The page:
Sunday, October 14, 2007

Sunday Morning Odds & Sods

54 - overcast at 10:51am

Good Morning.
I've been revisiting progressive rock radio's past.

Listening late last night - and again this morning to airchecks of KCAC/Phoenix - progressive rock in 1971 on a then-500 watt daytimer at 1010 on the dial. Audio found after discovering this great blog. The KCAC "progressive rock" era lasted just a few short years.

On an aircheck of the last hour hour of the station's format - August 14, 1971 (before it disappeared forever), the late Bill Compton had some words about his radio career that I'm just betting others in the industry (and some who have left) can relate to:

"...its been sort of my life - and my enemy and my friend and everything all rolled into one."

"....I've been more involved in it than anything else I've ever done in my life. And at times I've probably hated it more than anything else in my own life, depending on how things were going, etc. Its been something thats really meant a lot of me and something I felt strongly about. I guess thats really the only way describe it."

Compton and most of his staff went on to sign on the legendary KDKB AM & FM a little over a week later. Read more and listen at the KCAC blog here. A story about Compton and KDKB here.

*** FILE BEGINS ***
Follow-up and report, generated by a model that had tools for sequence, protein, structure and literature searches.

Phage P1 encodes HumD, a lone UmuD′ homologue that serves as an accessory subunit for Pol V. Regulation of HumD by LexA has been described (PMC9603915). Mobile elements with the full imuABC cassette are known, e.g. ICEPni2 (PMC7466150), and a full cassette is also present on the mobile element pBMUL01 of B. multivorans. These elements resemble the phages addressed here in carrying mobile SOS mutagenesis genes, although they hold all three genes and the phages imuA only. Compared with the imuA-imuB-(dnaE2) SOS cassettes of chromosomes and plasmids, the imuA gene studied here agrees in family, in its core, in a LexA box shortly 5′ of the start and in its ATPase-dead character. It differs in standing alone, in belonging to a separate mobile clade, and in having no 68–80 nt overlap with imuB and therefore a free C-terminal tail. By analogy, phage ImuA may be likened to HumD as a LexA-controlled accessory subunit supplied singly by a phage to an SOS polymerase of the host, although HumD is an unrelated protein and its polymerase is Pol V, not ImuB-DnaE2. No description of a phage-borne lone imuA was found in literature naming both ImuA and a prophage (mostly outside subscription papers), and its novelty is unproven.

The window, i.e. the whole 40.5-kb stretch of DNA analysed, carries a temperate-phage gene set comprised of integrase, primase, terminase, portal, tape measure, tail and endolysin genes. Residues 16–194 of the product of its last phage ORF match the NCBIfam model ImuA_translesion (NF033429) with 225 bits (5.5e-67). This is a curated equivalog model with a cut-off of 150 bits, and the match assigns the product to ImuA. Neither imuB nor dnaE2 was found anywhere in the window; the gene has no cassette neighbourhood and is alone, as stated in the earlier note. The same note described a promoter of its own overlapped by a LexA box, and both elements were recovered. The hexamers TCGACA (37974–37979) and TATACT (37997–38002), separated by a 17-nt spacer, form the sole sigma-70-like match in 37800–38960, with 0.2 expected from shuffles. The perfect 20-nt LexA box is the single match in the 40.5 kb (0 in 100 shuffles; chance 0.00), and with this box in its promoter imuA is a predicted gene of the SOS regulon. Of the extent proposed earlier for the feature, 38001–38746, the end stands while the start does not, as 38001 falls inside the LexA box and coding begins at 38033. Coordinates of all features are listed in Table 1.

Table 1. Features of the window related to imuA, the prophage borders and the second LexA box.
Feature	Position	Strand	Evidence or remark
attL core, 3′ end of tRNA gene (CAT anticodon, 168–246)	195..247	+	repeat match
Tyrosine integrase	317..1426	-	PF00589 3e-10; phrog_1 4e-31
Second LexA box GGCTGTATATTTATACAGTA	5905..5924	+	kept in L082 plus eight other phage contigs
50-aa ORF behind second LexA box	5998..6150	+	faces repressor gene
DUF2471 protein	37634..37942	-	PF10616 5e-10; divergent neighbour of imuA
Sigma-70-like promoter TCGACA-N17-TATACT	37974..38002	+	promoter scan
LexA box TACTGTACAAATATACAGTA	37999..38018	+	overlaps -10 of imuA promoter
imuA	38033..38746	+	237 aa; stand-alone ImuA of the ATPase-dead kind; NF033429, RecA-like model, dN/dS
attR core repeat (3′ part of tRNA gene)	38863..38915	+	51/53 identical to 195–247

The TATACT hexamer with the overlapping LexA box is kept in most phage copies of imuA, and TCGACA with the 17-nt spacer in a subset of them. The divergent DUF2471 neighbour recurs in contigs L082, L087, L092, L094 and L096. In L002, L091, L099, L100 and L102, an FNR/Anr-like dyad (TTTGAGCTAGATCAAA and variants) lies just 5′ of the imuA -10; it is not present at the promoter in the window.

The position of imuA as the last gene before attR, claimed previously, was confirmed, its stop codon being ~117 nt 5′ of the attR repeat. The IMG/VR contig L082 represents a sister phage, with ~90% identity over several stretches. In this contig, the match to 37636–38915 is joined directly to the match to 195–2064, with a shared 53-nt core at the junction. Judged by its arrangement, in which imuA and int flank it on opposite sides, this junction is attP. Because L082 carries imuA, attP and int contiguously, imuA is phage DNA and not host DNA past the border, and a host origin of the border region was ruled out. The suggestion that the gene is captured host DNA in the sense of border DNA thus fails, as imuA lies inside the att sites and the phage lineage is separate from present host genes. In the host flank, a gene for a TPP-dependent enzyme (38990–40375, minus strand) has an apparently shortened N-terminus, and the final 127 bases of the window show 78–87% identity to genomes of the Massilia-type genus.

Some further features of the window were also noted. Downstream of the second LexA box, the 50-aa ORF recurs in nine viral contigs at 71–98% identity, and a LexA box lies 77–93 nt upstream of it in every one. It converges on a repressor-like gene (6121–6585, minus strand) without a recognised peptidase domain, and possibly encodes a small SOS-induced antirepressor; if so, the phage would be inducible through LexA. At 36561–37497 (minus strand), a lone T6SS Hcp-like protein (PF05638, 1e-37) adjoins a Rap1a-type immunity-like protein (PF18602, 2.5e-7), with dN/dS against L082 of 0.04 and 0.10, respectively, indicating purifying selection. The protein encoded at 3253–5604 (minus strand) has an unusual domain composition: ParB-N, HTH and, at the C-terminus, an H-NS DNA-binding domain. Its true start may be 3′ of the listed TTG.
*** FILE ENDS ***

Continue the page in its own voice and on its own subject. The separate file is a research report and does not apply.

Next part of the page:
Compton passed away in a 1977 car accident; the Phoenix concert venue "Compton Terrace" named after him.

KDKB signed on at noon August 23, 1971. Station owner - the late Dwight Tindle - quoted as recalling:

"I shut the door to the studio and placed “On The Way Home” on the turntable. I said a little prayer and turned off the ocean sounds. The Buffalo Springfield sang, “When the dream came, I held my breath with my eyes closed. I went insane like a smoke ring ay when the wind blows.” KDKB was born. And I was the luckiest person on the face of the Earth.

Read C. Dwight Tindle's story behind KDKB here.
A great read!

There needs to be a blog
about the early progressive rock stations...there's got to be a lot of great stories - great audio out there. I wish I had the time. It was a special time for radio, especially FM, music and culture. I found one such blog here (where I first found the above quote from C. Dwight Tindle).

Back to the present tomorrow. Have a great Sunday.

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